The international order isn’t what it used to be, and the latest evidence is the astonishing decision by Belarus President
on Sunday to hijack an Irish passenger aircraft to arrest a blogger who is a political opponent.
Mr. Lukashenko personally ordered a MiG-29 fighter jet to intercept a
flight from Athens to Vilnius in Lithuania. Various press reports say the pretense of a bomb threat on the flight was used to divert the plane to land at Minsk airport, where 26-year-old Roman Protasevich was arrested. No bomb was found on the plane. Mr. Protasevich is among those sought by Belarussian security services for his role in the 2020 protests after Mr. Lukashenko stole the presidential election.
The implications of this state-sponsored hijacking aren’t pretty. A head of state used his military to order the diversion of a civilian flight between two European Union countries. His government lied about a bomb threat. And then it snatched a political opponent who was working in exile.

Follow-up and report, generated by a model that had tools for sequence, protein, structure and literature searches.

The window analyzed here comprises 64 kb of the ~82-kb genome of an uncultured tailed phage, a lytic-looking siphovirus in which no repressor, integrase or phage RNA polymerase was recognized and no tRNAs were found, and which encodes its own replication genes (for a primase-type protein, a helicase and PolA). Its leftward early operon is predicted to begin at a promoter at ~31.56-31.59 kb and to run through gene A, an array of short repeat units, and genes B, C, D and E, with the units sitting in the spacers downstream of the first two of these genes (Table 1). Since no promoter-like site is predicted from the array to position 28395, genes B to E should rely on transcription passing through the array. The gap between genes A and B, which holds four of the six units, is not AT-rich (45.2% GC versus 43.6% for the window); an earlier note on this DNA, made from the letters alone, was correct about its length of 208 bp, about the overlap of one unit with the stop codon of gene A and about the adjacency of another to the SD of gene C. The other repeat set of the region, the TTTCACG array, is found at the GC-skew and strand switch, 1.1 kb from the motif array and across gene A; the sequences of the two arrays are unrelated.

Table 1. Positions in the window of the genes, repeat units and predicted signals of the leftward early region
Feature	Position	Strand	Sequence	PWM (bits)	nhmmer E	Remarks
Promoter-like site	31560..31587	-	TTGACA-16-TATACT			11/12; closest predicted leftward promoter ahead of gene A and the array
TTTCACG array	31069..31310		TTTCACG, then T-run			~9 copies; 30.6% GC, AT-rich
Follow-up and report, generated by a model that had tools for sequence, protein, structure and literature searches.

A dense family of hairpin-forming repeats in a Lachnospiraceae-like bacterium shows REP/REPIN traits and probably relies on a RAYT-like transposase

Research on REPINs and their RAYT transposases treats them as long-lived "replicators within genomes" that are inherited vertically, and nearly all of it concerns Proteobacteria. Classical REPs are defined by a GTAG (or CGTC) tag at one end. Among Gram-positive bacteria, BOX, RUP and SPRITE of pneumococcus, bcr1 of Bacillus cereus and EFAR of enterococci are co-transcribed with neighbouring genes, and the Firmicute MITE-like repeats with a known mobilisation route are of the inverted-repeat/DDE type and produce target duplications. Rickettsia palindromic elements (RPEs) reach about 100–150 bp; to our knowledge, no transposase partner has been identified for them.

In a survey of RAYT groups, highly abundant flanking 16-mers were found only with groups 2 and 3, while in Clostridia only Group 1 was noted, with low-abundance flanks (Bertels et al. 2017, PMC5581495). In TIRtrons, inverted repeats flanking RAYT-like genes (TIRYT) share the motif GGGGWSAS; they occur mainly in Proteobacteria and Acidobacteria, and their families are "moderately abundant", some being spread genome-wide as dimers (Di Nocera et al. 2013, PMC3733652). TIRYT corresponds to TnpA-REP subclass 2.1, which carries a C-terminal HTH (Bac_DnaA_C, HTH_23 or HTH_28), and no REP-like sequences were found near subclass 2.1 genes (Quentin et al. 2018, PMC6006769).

If this is allowed to be a precedent without consequences, expect more such hijackings for the purpose of making political arrests. Imagine how
or North Korea might interpret this as a license to intercept civilian planes.
The risks of an accident are high, especially if a pilot refuses to cooperate with the hijacking government’s orders. Will the government then shoot the plane down? After the Belarus stunt, many pilots may refuse to believe claims of a bomb threat in the future.
Lithuania protested the hijacking and demanded that the EU and NATO respond. Germany demanded an explanation from Belarus, and Poland’s prime minister called it a “reprehensible act of state terrorism.” But Belarus isn’t an EU member, and it isn’t clear what Europe will be able or willing to do.
Rogue nations and their leaders are getting more brazen, and the world is fast becoming a more dangerous place.
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